Tessa Kramer: In March 2023, VPM state politics reporter Ben Paviour and I spoke with Virginia State Delegate Don Scott. He’s the head of the House Democratic caucus. Perhaps we got Scott’s attention because he’s also a practicing attorney. He’s done a lot of criminal defense work, and so he’s dealt with the Virginia crime lab himself.

Don Scott: I scrutinize everything when it comes to these folks cause I just don’t – I don’t trust the system. I’m – I’m a natural cynic and a skeptic anyway. So, I naturally don’t trust anything they give me. 

Ben Paviour: What, what caused that skepticism for you?

Don Scott: I’m a Black man in America. What are you talking about? I mean, I already know the system is not designed for us to necessarily get equal justice all the time. So you have to be extra diligent to make sure that folks don’t have an agenda that does not include you getting some justice.

Tessa Kramer (to Don): Yeah, you don’t seem that surprised by what we’ve uncovered.

Don Scott: This is my life. I mean, I know how the system works, and it just, it can eat people up. She had all of those cases – 15 years of cases – and all of those folks knew that she was a problem and they knew that she wasn’t following basic lab protocol. They knew that they couldn’t get accredited while she was there. They knew that she was falsifying information and they did nothing about it.

Ben Paviour: Do you think that says anything about Virginia’s culture at the time? 

Don Scott: Not about Virginia, it’s about America. I mean, come on man. Let’s not be naive. This happens…this is about weakness and power and race. Those who are weak, those who get preyed upon. And so this is not unusual. This happens all over the country. You can go to any state, it’s probably the same. But I think what we’re doing is we’re making some inroads. We just have to keep chopping wood, keep holding people accountable. You know, I’m a cynic, but I’m an optimistic cynic. I want to keep working and getting done, otherwise I wouldn’t be in this business.

Tessa Kramer (VO): I’m reminded of something Gina Demas said the first time I met her, about why she thinks the people in charge of the lab didn’t do anything about Mary Jane Burton.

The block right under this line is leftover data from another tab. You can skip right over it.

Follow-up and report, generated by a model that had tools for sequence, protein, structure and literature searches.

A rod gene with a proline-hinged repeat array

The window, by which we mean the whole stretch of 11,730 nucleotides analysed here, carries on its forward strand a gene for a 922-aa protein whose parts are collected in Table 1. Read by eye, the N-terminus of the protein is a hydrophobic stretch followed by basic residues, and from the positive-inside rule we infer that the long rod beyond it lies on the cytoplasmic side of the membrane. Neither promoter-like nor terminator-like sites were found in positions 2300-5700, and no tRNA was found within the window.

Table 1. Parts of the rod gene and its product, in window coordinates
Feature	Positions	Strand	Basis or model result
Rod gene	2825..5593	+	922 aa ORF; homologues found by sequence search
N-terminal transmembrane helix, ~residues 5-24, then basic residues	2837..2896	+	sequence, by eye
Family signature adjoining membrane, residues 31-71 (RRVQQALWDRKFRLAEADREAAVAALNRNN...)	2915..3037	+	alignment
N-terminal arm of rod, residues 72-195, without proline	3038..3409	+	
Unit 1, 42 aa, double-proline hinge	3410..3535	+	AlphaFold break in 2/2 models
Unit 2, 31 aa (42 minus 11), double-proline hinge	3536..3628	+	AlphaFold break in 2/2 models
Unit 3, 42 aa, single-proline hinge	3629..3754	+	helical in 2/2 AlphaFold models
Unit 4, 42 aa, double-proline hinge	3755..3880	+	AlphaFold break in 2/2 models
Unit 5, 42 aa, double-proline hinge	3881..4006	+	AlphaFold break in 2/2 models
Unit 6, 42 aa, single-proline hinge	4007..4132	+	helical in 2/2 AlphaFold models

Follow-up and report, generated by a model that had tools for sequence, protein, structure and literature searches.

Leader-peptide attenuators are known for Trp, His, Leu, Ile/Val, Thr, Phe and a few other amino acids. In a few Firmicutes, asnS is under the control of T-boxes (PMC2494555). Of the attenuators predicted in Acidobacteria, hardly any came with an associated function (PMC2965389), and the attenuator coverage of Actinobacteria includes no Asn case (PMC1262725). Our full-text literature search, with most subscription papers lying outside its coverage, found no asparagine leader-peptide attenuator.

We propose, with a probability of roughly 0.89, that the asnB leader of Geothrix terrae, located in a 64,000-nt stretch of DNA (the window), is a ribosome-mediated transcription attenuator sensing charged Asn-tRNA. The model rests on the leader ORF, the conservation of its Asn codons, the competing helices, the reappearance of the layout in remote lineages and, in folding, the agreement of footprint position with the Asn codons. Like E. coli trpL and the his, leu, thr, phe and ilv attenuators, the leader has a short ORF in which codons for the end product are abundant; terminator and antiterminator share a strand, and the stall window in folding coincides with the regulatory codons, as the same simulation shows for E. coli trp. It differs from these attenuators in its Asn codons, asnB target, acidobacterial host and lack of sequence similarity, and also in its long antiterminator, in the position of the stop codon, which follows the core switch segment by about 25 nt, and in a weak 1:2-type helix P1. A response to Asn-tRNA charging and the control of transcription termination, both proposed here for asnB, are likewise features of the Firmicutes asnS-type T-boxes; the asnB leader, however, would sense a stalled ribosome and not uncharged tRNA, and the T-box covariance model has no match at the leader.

Gina Demas: But nobody cared.. because who was it, mostly? Poor people, Black people, mostly. “Who gives a shit?” Oh, and you used to hear this all the time: “If they didn’t do this, they did something else. They’re criminals.” 

Tessa Kramer: Before our interview ends, I share this with Don Scott.

Tessa Kramer (to Don): …the people being convicted were people of color. They were usually people without a lot of money, you know, who weren’t considered powerful or important.

Don Scott: Welcome to America, baby.


We’re hard at work on season two of Admissible. Visit our website at, where you can find additional information or share tips and suggestions. 

Admissible is produced and hosted by Tessa Kramer. Our executive producer is Ellen Horne.

Original reporting by Tessa Kramer and Sophie Bearman, with additional reporting by Ben Paviour and Whittney Evans. Our editor is Danielle Elliot, with additional editing by Ellen Horne.

Our production team is Dana Bialek, Chloe Wynne, Gilda di Carli, Leslie Neigher. Production legal by Craig Merritt and Innes Smolansky.

Gavin Wright is VPM’s Managing Producer for Podcasts. Meg Lindholm is the Director of Podcast Production. 

Sound design and mix by Charles Michelet. Music by Del Toro Sound and Story Mechanics, and with additional music by APM. Our theme music is by me, Bryan J. Howard of Del Toro Sound. 

Contributions of music and performances by Jay Gonzalez, Carlton Owens, Nick Rosen, Matt “Pistol” Stoessel, Kevin Sweeney and R. Sloan Simpson.

Special thanks to: Steve Humble, Paige Williams, Chioke I’Anson, Kelly Jones, John and Eileen Kramer, and iHeartMedia’s Beth Anne Macaluso and Dylan Fagan. 

Extra special thanks to Danielle Ferly and Brian Horne for reading trial transcripts, and to Alexandra Cohl for PR and marketing support. 

Admissible, season 1: Shreds of Evidence is produced by Story Mechanics and VPM, Virginia’s home for public media. We are distributed by iHeartMedia.

Admissible is a co-production of VPM and Story Mechanics